Chapter 9: Data Science and Innovation
1. Public Health Scotland will have a key responsibility for leadership for data science and innovation for public health. We want to embrace new opportunities to achieve improvements in health and wellbeing outcomes. This means using data to produce insights that enable people to make the right decisions at the right time, personalised to their own lifestyle and health needs, and recognising the powerful structural drivers which influence individual behaviours. Lived experience should be central in all public health services, enabling people to make better decisions about their health and improving the understanding of, and response to the specific problems within communities. We want to make use of the latest insights, technology and methodologies that improve our understanding of prevention, through research into the behaviours of the population. This will be crucial in motivating people and communities and achieving meaningful behavioural change.
2. Data and information have always underpinned our understanding of the public’s health and wellbeing, but we are now within a digital age of unprecedented opportunity to drive further improvements through data science – the approach to understanding and predicting patterns in ever increasingly complex and large volumes and varieties of unstructured data. There is more data available than ever before: on people’s health and wellbeing, on their circumstances, on their genetic make-up, on their habits, on their environment. Affordable cloud computing power is rapidly increasing to enable analysis of such data, and technology is more readily available to people and will become ever more available in the future – including smart and wearable devices, at home diagnostics, and digital therapeutics.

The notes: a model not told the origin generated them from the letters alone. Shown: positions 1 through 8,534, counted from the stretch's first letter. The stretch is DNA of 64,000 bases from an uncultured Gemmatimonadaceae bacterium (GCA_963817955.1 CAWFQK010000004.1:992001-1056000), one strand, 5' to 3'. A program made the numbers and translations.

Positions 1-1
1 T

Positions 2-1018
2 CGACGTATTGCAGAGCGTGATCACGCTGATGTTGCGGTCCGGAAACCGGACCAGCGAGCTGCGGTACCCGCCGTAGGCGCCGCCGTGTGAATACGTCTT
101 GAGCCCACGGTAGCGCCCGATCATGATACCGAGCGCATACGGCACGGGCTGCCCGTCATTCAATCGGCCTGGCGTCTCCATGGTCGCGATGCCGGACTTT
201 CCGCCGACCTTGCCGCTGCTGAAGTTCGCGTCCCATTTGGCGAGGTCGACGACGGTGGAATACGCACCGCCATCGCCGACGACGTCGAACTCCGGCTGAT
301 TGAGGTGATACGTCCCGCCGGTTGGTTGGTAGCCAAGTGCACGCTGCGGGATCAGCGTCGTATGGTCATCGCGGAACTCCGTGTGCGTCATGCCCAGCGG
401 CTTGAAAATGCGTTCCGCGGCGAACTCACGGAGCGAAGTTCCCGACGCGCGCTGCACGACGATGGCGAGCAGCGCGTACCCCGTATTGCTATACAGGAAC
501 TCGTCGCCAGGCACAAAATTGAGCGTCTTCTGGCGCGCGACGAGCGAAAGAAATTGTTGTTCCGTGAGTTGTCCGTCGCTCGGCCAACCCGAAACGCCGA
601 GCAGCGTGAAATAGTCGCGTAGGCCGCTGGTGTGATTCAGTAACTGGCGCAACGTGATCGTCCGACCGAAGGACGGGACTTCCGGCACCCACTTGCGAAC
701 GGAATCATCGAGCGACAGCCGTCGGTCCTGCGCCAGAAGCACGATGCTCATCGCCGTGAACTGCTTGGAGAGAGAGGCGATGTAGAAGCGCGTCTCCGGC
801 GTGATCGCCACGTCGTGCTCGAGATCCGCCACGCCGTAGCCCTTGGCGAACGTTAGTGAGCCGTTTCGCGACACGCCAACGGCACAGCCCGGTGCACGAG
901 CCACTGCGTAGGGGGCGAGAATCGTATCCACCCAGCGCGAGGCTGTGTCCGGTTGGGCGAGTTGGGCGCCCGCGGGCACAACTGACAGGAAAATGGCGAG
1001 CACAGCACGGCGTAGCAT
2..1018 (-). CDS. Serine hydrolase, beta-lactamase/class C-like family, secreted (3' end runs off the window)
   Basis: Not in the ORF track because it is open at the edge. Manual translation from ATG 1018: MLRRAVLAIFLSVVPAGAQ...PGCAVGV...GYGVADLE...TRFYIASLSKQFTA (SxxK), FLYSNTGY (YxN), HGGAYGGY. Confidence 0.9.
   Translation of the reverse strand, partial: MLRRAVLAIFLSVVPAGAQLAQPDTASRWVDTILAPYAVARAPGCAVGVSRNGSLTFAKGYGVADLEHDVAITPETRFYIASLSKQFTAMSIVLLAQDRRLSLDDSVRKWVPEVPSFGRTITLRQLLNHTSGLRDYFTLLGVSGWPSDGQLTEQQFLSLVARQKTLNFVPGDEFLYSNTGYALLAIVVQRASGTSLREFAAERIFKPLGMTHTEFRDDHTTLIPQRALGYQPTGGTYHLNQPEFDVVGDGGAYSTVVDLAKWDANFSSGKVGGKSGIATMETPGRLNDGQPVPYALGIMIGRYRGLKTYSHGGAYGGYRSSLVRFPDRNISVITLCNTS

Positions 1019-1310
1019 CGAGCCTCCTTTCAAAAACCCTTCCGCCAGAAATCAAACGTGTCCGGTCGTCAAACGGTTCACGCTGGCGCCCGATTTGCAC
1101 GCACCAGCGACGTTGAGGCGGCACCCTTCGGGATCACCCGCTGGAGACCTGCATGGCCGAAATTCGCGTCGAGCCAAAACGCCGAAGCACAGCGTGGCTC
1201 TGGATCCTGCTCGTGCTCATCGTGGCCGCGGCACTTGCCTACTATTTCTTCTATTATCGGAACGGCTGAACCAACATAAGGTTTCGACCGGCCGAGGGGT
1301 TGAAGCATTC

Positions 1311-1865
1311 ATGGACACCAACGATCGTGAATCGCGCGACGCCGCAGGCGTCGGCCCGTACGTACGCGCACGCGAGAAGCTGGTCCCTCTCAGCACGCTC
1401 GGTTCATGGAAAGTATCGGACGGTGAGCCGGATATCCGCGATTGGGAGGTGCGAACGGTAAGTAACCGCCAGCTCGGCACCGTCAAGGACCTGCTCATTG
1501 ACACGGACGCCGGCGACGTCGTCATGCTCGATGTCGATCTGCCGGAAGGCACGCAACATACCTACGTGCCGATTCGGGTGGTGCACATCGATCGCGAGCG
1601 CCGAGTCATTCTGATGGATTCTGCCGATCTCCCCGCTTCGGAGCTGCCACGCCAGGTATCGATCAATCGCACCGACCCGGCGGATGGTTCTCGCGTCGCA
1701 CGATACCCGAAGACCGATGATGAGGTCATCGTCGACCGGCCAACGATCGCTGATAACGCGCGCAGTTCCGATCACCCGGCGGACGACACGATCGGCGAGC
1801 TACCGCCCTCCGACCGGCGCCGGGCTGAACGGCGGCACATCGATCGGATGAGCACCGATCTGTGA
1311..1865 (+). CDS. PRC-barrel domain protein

3. We want to use such research to identify the social, economic, environmental and behavioral determinants of health and wellbeing, developing and evaluating interventions and policies for the protection and improvement of it. These resources will inform the preparation of the professionals and researchers who will influence change across the public sector. By illuminating basic social determinants of health and wellbeing and identifying and testing innovative social policy and service interventions, we can help develop practitioners who are skilled in designing, implementing, and evaluating health-enhancing interventions. There is increasing recognition that behavioral, psychological, and social factors play a crucial role in epidemiology and related public health and wellbeing activity, both as risk factors for adverse outcomes and in strategies to promote health and prevent disease.
4. This work will inform practice through research and provide opportunities for innovation, learning and development for those working within and across the public health landscape, allowing them to enhance their professional identity and harness international best practice. A particular focus will be on innovation in public health intelligence and data science, incorporating a ‘whole system’ focus to supporting digital transformation and the effective use of population data. Digital technology and data will be used appropriately and innovatively to help plan and improve public health services; enable research and development; and ultimately improve public health and wellbeing outcomes. For example, in relation to better preventative approaches and cures for diseases, individuals in control of managing their own conditions, and environments which actively drive and support healthier lives.
Question 15: What are your views on the arrangements for data science and innovation?